Today’s article is written by Dr. Ir. Lieven Vervecken, CEO & Co-founder of Diabatix, an innovative Belgian engineering company specialising in colling systems and products involving fluid mechanics and heat transfer.
It is no secret that reading a book is one of the best ways to learn more about a particular topic. This of course, also holds when you are interested in starting a tech-company and you want to strengthen your knowledge on entrepreneurship. There are numerous books written related to this topic and making a selection is not always easy. Therefore, below are five books, covering a wide range of topics, that helped me start my tech-company.
- The Art of the Start, by Guy Kawasaki
When you start a tech-company, you will likely want to raise money, to hire the right people, to manage a board, to create a brand, etc. The Art of the Start touches each of these topics, among many more, and describes how to go from an idea to a mature business. Each chapter zooms in on particular jobs that have to be done, while the FAQ sections address the questions the readers are most likely to have. I particularly recommend the chapters on pitching and raising funds.
- Disciplined Entrepreneurship: 24 steps to a Successful Startup, by Bill Aulet
“Can a sustainable business be built around my idea?” is the most fundamental but probably also the most difficult question you will have to answer. Disciplined Entrepreneurship guides you through this question by breaking it down into 24 easy-to-understand steps. Among others, these steps discuss market segmentation, mapping the process to acquire a customer, charting your competitive position, etc.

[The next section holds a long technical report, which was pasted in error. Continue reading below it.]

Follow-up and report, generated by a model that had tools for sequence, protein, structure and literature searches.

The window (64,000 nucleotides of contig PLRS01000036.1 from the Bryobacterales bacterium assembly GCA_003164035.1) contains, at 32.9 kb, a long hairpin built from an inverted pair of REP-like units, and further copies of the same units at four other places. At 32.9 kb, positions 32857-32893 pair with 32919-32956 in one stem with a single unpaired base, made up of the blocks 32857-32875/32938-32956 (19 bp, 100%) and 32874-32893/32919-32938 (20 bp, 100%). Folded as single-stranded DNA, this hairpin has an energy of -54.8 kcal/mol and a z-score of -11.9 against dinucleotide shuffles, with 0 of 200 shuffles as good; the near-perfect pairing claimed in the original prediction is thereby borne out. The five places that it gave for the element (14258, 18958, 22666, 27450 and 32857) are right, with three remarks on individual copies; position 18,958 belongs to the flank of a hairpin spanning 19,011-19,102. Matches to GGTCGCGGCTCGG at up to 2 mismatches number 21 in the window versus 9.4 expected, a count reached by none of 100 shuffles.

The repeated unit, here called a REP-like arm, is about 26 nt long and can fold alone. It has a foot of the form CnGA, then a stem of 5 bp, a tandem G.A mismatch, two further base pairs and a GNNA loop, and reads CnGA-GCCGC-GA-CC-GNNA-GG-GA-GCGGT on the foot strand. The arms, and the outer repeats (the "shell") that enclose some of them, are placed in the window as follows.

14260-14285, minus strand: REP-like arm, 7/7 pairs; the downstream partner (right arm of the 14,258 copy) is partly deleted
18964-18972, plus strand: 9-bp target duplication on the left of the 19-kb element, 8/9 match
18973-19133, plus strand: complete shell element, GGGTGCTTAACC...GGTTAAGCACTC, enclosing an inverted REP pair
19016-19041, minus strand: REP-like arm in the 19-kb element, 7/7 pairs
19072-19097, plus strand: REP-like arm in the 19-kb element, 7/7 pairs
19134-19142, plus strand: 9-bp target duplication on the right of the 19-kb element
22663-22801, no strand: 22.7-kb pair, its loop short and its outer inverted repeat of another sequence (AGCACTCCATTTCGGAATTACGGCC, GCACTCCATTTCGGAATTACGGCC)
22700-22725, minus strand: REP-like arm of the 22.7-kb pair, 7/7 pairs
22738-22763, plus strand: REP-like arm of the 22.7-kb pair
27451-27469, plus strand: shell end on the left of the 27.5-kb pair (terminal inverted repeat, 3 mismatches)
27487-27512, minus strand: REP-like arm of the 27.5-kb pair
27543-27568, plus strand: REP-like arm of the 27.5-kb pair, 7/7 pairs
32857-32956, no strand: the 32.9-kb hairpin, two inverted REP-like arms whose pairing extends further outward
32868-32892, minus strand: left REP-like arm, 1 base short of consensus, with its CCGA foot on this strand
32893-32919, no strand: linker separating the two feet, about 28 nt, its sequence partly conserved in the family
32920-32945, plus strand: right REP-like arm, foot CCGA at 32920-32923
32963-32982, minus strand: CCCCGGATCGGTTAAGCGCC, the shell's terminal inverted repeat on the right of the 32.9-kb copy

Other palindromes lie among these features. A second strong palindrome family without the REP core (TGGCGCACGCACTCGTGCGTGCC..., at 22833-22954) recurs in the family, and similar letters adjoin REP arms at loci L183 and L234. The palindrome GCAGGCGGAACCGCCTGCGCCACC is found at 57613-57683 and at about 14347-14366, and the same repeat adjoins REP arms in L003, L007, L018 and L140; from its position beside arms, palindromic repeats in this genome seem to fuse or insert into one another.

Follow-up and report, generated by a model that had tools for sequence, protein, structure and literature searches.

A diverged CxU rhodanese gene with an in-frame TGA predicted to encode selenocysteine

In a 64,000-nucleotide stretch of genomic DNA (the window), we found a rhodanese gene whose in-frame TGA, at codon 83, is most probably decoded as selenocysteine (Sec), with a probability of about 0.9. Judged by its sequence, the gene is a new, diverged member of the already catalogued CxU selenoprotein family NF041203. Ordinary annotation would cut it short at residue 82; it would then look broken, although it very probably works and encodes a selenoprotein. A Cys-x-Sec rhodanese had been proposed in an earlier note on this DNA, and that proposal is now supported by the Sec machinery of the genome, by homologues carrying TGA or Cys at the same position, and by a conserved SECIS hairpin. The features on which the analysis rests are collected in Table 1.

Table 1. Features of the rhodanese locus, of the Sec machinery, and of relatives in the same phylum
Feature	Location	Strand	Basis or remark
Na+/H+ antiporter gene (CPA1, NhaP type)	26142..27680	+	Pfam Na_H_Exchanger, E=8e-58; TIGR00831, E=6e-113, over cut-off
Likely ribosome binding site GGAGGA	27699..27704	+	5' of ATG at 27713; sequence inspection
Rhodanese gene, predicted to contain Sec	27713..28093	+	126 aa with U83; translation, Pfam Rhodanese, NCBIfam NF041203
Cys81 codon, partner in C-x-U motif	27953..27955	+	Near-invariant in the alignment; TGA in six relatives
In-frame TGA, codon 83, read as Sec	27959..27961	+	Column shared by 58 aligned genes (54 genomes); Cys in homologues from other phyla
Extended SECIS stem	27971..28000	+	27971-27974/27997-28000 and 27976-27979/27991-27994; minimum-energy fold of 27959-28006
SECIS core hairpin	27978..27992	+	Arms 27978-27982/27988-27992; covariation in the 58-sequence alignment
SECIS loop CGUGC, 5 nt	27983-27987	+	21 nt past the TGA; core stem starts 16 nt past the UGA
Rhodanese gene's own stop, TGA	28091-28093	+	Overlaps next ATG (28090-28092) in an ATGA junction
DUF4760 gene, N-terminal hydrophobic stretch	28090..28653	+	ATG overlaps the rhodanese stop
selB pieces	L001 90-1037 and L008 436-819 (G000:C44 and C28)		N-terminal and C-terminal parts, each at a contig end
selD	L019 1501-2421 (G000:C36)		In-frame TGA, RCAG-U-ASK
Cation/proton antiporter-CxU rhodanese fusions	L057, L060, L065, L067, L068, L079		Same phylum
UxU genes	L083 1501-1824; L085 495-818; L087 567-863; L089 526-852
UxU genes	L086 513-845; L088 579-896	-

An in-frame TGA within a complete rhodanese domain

- The Lean Startup, by Eric Ries
Time is an extremely valuable good. So the last thing you want as an entrepreneur, is to waste it. One very common pitfall for starting tech companies is to spend time on developing the product they are passionate about before realizing there is no market for it. The Lean Startup methodology introduces a build-measure-learn loop to help you avoid falling into this pitfall. This way, the focus shifts from “Can this product be built?” to the far more valuable “Should this product be built?”.
- Business Model Generation, by Alexander Osterwalder
One question you will be asked a lot when starting a company is “How do you plan to make money?”. Although this seems like a straightforward question, what they are really asking is “What is your business model?”. Business Model Generation provides practical tools to understand, design, analyze and implement a business model (FYI, step 15 of Disciplined Entrepreneurship). Along the way, you are forced to think again about your customers, distribution channels, partners, revenue streams, costs, and your core value proposition.
- The Challenger Sale, by Matthew Dixon and Brent Adamson
Not a single startup team is good at everything and that is perfectly fine. One skill any team must learn to master, however, is sales. Without sales your company simply will not survive. Of course, a strong product will help, but how you sell is at least as important as what you sell. The Challenger Sale introduces an (from own experience) effective sales approach in which you challenge your customer’s way of working, rather than you applying the traditional relationship-building approach. In brief, the focus is on being highly credible and the ability to teach, tailor and take control.
Read the original article here on LinkedIn and join the discussion with your suggestions for great books that can help entrepreneurs start a tech-company.